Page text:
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Bench Memos

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Truth and Power: Planned Parenthood, HHS, and Indiana Law



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When Republicans win a statehouse, it almost always means that pro-life legislation is coming down the pike. When Democrats win, it never does. The Republican victories last November led to the introduction of several hundred pro-life bills across the nation. Many were enacted into law.

Nowhere did Republicans do more for the unborn this past spring than in Indiana, my home state. The GOP has controlled the state senate here for years, and last fall they took control of the lower house too — prompting, by the way, a five-week Democrat walk-out to Urbana, Illinois. The Republican were nonetheless able to consolidate a flurry of pro-life bills into an omnibus measure. Then they passed it, and Governor Daniels signed it on May 10.

The most important provision of this bill was a comprehensive defunding of Planned Parenthood, the first such measure in the nation. The defunding provision said that any “entity” that performs abortions would be cut off from state funds, including Medicaid funding, even for non-abortion services (pap smears and STD testing, for example). Planned Parenthood of Indiana (PPIN) was the principal “entity” affected.

The reasoning behind the defunding law is threefold. First, because PPIN did not strictly segregate its Medicaid receipts, there was no other way for Indiana to avoid violating the Hyde Amendment, which requires states administering Medicaid to make sure that no federal funds go for elective abortions. Second, even if PPIN kept better books, a complete defunding would still be one way to fully comply with Hyde. Otherwise Medicaid payments for non-abortion services would inevitably defray some of the overhead costs of doing abortions. Third, states are constitutionally entitled to value childbirth over abortion, and to morally stigmatize abortion as undesirable and even wrong. (This is the value judgment behind the Hyde Amendment itself.) Eliminating state subsidies to the state’s biggest abortion provider is one important way to express that value judgment.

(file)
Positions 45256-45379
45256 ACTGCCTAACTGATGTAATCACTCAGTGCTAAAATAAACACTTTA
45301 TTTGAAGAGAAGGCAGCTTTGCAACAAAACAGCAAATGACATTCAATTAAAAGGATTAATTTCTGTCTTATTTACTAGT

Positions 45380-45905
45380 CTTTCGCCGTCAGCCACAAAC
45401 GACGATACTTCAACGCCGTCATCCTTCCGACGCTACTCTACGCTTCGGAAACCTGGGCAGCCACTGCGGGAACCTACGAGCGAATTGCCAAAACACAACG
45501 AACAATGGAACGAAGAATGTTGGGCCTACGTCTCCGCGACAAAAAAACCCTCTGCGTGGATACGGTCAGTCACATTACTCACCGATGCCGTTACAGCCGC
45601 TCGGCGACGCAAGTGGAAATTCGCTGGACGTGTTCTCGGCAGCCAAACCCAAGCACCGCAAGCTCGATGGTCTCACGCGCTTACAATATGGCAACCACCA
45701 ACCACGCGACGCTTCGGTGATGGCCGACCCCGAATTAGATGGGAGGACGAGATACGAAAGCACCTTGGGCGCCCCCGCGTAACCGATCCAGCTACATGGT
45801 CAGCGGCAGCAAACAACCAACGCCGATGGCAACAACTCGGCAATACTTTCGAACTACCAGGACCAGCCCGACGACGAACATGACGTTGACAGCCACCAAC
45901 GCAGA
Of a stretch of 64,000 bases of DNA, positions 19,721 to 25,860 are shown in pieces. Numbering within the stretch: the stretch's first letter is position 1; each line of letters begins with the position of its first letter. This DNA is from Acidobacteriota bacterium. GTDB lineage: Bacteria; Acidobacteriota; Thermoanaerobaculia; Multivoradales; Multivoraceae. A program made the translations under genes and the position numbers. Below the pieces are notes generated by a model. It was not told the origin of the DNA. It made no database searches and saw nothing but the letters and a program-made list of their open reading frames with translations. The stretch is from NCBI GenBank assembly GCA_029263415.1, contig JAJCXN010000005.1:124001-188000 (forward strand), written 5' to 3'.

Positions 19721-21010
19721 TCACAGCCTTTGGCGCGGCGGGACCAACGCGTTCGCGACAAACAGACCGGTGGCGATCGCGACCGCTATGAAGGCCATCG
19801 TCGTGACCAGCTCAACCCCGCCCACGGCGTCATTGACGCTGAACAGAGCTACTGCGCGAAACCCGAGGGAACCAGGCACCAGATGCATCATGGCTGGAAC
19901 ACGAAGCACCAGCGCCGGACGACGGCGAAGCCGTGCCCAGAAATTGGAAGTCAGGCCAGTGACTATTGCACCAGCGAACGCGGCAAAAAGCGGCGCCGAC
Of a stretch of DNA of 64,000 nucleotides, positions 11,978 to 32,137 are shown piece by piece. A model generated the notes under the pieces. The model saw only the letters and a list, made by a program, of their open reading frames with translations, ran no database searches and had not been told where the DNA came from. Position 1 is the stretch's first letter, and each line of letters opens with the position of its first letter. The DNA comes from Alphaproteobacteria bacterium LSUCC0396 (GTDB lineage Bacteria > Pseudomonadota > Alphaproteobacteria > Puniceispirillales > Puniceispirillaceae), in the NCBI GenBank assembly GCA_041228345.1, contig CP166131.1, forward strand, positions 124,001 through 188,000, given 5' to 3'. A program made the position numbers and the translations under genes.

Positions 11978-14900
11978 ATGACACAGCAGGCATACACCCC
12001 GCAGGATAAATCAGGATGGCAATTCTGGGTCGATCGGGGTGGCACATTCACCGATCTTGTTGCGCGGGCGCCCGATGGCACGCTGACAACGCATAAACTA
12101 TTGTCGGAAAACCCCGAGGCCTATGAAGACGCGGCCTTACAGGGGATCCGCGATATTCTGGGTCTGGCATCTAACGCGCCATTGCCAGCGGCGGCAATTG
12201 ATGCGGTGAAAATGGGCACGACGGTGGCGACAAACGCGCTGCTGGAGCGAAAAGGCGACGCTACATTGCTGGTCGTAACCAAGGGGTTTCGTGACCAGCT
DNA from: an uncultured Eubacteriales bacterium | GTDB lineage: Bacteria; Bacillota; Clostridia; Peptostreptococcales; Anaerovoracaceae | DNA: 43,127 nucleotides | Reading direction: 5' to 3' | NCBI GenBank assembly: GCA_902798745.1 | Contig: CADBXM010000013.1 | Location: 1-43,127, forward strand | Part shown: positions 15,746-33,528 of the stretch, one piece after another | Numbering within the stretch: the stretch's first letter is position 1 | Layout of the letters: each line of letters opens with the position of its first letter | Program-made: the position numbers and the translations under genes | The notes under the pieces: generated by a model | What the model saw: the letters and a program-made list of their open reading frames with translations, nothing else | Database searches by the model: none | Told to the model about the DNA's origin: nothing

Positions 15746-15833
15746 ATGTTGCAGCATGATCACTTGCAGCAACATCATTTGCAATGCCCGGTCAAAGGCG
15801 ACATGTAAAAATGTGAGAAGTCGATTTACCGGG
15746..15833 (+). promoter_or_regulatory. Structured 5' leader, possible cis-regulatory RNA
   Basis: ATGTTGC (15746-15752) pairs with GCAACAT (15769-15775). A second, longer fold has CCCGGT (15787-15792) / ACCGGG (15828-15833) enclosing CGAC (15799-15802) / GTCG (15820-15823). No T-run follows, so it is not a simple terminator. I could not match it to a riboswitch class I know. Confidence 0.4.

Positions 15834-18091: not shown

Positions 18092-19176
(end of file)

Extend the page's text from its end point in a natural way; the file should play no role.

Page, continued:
The defunding provision went into effect immediately. Within minutes (literally), PPIN sued to force continued Medicaid funding. The next day (May 11), federal district judge Tanya Walton Pratt denied PPIN’s request for a temporary restraining order. Late last Friday night, however — and just as PPIN’s donations to continue Medicaid services ran out — Judge Pratt enjoined the defund law. The Medicaid spigot is now back on for PPIN.

Chalk one up for the Obama administration — for it was the Obama administration that effectively decided the case for Judge Pratt. She all but conceded that Indiana (very ably represented in this case by Solicitor General Tom Fisher, working at the direction of Attorney General Greg Zoellers) had the better of the legal argument about the state’s authority to decide who, or what, counts as a “qualified” Medicaid provider. As well Judge Pratt should concede: There is no doubt that Indianan had the better case. What Indiana lacked was political muscle.